My first chez moi was in the seventh arrondissement of Paris, a one-bedroom sublet with a partial view of the Eiffel tower (you had to crane your head out of the kitchen window to see a bit of it sticking up over a neighboring rooftop). It was furnished in someone else’s taste (there was a lot of pink). We lived there for less than a year and it never really felt like home.

Fast forward to Lyon, 3ème arrondissement. Our family’s first home in France was a roomy 3-bedroom apartment on the rive gauche of the Rhône, not far from the business centre of Lyon. Long on old-world charm, it had dizzyingly high ceilings with crown moldings, antique fixtures and floor tiles, herring-bone hardwood floors….but was rather short on modern conveniences (the ‘central heating’ was a single gas heater, centrally located in the front hall).

Although we were only renting, we (read: my husband) scraped off several layers of flocked and flowered wall paper from every surface (including the ceiling) and repainted before moving in. We had no balcony but our bedroom window overlooked a treed inner courtyard. It was only a few blocks to the nearest park for airing kids and dogs. We stayed for five years – long enough to feel almost at home.

Next stop: home ownership. After so much time in the city, we were ready for some fresh air. For several months we searched for something we liked and could actually afford. In the end, we bought a piece of land in a small town half an hour outside Lyon, found a builder and chose a plan for our new house. Building was cheaper than buying an existing house as you got a break on taxes.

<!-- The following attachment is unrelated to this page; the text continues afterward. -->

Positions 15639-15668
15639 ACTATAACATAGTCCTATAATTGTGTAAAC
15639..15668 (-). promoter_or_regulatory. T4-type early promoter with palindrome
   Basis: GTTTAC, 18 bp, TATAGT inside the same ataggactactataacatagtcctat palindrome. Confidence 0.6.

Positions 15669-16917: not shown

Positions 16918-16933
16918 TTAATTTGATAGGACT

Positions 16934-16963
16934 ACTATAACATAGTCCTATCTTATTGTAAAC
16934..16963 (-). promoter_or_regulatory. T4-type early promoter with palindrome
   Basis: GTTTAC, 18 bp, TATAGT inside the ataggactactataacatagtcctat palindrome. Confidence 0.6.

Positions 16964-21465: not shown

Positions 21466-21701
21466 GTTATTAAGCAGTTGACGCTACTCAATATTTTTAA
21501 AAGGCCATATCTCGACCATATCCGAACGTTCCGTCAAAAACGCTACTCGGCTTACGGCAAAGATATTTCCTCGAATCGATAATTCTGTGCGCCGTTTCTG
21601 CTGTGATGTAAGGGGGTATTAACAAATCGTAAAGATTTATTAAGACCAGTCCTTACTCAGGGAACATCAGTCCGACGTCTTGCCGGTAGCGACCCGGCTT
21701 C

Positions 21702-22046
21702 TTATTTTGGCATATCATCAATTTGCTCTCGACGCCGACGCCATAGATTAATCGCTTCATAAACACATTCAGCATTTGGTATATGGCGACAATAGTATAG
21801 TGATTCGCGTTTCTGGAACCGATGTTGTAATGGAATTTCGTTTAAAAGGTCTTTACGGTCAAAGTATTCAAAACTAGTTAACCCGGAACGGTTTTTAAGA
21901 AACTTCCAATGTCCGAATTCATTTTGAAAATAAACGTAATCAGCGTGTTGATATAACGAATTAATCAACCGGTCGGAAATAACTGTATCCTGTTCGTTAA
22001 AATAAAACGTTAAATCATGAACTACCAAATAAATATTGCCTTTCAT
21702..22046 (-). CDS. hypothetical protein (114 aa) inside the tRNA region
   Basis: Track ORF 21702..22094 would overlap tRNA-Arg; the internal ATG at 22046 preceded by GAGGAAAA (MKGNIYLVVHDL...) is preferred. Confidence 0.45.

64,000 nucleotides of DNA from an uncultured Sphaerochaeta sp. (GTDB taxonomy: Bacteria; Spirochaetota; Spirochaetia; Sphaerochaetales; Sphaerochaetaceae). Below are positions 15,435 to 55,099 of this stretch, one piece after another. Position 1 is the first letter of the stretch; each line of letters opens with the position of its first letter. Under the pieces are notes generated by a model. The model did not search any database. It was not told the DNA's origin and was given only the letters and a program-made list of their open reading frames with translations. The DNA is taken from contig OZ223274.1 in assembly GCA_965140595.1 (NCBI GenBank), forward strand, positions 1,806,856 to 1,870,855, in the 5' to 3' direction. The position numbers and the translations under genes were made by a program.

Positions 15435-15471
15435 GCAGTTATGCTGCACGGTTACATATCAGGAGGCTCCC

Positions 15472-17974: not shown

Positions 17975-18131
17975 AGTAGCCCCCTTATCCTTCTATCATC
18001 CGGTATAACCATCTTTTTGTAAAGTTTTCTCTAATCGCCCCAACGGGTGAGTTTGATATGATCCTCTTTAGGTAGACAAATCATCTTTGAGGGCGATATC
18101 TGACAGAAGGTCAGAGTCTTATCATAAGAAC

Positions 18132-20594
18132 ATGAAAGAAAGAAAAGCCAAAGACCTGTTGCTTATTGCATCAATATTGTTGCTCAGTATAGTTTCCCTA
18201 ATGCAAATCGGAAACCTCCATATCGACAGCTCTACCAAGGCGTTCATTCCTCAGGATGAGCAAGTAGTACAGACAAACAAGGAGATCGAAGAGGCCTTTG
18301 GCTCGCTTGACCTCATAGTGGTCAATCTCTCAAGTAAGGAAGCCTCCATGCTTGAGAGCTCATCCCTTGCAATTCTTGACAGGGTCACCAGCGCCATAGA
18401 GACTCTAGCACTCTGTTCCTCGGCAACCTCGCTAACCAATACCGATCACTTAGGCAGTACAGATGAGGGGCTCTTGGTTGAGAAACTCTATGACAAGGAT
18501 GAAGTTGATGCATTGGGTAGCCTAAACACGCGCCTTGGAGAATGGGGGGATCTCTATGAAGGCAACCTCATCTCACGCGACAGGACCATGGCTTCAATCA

Our first house was a typical new French single-family home. It was a brick construction set in a small housing development (lotissement) where several other families had each built a different house. It looked out over les Monts du Lyonnais on one side and a small farmer’s field on the other. It did not have finished closets, kitchen or bathroom fittings. Those little extras are considered as part of the décor; most new houses here are delivered as empty shells.  But we had a roof over our heads and could really see the skies for the first time in years. I felt like I’d arrived in Kansas.

Small wonder I never wanted to leave. But the day came a few years ago when we decided to uproot (for absolutely, positively the LAST time) and move on. More precisely, 160 kilometers northeast.

Our new house is on the French side of the border with Switzerland (after so much time and effort integrating here, I wasn’t ready to abandon la belle France). It’s located in another small town in the countryside, overlooking Lake Geneva on one side and the Alps on the other. We also built this house, buoyed by our first experience, equal amounts of optimism and, perhaps, foolhardiness. It’s similar in many ways to our first house – but on steroids.

It’s an A-frame wood structure with a lot of glass – based on what some call a ‘flat-pack’ or prefab home but customized and built by a professional builder (neither of us being handy with tools or implements other than those used for cooking.) It was a much bigger project – this time we were able to get a built-in kitchen and finish the closets. Even after a year and a half, we’re still working out some of the bugs.

As lovely as our new home is, it took me awhile to get over our old house. The one where our kids grew up, where we struggled through the lean years and put down roots. But I’m finally beginning to feel chez moi. Now that I’ve unpacked the toaster.